SXSW 2018: ‘Final Portrait’ a look at the frustrations of creating art, with Armie Hammer as the muse

“Final Portrait.”

Let’s say you’re going to make a movie about the celebrated 20th century artist Alberto Giacometti, and you’re going to set the film in his Parisian studio, while he’s painting the portrait of a young man who’s not only an admirer but also his future biographer.

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That’s what Giacometti did with the well-bred, upper-class writer James Lord, who eventually wrote a memoir about the experience, “A Giacometti Portrait.”

One of the first things you’ll need to have is a first-rate set, with detailed reproductions of the artist’s famed elongated sculptures and other items. And if you’re going to sustain the movie, you’re obviously going to have to have good dialogue. And you’ll need even more. You’ll need characters coming into the studio over and over again, gradually revealing the lives of the artist and the subject.

That’s what happens in Stanley Tucci’s new film, “Final Portrait,” which made its debut Friday night at South by Southwest. Geoffrey Rush stars as Giacometti, while Armie Hammer, fresh off acclaim for “Call Me by Your Name” and honors from the Austin Film Society, plays Lord.

To Tucci’s credit, the movie flows well. The dialogue isn’t as snappy as that in a play by Edward Albee or David Mamet, but the intrusion of characters during the portrait sessions provides lots of tension, humor and sadness.

First, there’s Giacometti’s wife, Annette, played by the wonderful French actress Sylvie Testud, virtually unknown in the U.S. despite her pairing with Marion Cotillard in “La Vie en Rose.”

She’s a rather sad presence in “Final Portrait,” mainly because she plays second fiddle to Giacometti’s favorite prostitute, Caroline (Clemence Poesy).

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And then there’s Giacometti’s wry brother, Diego (Tony Shalhoub), who offers his own interpretation of events as they unfold before Lord’s rather stoic posing.

The heart of the movie, however, lies in the bond between Giacometti and Lord. Giacometti repeatedly paints over the portrait of Lord, telling him that it’s not right, that it’s a failure, that it might always be a failure. But Lord keeps coming back, for session after session, finally wondering when the posing and the painting will ever end.

For Giacometti, it’s a classic artistic problem – that the more one works on a picture, the more impossible it becomes to finish it.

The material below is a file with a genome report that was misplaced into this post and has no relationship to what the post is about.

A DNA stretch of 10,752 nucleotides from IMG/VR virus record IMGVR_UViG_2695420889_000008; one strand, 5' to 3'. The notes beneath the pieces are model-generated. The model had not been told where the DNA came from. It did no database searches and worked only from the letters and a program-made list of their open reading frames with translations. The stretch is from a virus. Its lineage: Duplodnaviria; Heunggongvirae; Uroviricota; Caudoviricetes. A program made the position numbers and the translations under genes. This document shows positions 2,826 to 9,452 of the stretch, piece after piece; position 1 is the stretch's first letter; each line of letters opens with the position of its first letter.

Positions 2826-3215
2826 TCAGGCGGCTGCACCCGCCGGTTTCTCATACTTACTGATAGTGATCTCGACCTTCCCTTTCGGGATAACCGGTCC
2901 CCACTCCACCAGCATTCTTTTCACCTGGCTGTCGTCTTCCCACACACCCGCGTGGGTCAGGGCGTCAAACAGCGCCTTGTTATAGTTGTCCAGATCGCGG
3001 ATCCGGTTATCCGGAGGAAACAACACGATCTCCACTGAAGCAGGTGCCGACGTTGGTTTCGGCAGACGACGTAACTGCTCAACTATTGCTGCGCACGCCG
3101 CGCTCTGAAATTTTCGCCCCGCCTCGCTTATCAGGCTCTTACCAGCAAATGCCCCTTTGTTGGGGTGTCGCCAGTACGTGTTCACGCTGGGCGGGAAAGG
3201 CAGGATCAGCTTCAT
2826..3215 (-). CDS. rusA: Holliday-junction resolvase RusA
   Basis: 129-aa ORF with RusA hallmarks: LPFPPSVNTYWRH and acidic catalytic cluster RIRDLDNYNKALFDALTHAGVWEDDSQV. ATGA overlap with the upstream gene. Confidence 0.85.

So it’s up to Lord to figure out a way to end the sessions, without offense, without recriminations but with collegiality.

It’s a delicate minuet. And Tucci, who gets fine performances from Rush and Hammer, manages to pull it off. It won’t please the blockbuster crowd. It’s a subtle rumination on the creation of art.

“Final Portrait” premiered at SXSW on Friday. It screens again at 9 p.m. Saturday at the AFS Cinema. Grade: B

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SXSW 2018: Austin director’s ‘1985’ tells story of family and secrets during the AIDS crisis

In “1985,” adapted from his own award-winning short film, Austin-based director Yen Tan has fleshed out a poignant storyline about a closeted young Texan who returns home to visit his conservative family for Christmas.

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Adrian (Cory Michael Smith, Fox’s “Gotham”) left everything behind and got as far away from his past as humanly possible after graduation. We never see his life in New York, but it clearly has allowed him to live openly far from the judgment at home. He speaks vaguely of roommates, quietly changing the subject when asked about them or if he’s dating anybody at the moment.

“1985.”

His father, Dale (Michael Chiklis), is a gruff Vietnam veteran who works in an auto shop and, when home, is often acutely tuned in to talk radio. His mother, Eileen (Virginia Madsen), is softer and kinder in every way, admitting in a hushed conversation that she “didn’t vote for Reagan last year.” The core household beliefs under Dale are guided by religion, strict discipline and a general avoidance of secular culture. This doesn’t make things easy for Andrew (Aidan Langford), Adrian’s younger brother, who secretly listens to a Madonna cassette with headphones on and has shifted his focus at school from sports to the theater.

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Returning to Texas is not strictly about celebrating Christmas. Adrian lands back at home with a mission to finally be honest with his family, not only letting them know he is gay but to also inform them that he has AIDS. Faced with the uncertainty of their response, he instead tries to reconnect and start out with his friend Carly (Jamie Chung), someone he has had a falling out with since moving away.

Shot on Kodak Super 16 film stock, the stark black-and-white cinematography provides many shadowy shots that fall in line with Adrian’s inability to be truthful to the people he loves most. A huge part of his life is hidden in plain sight, or it would be if he lived closer. If his health wasn’t closing on him, sexuality is something that he may not have ever felt that he could be open about with them.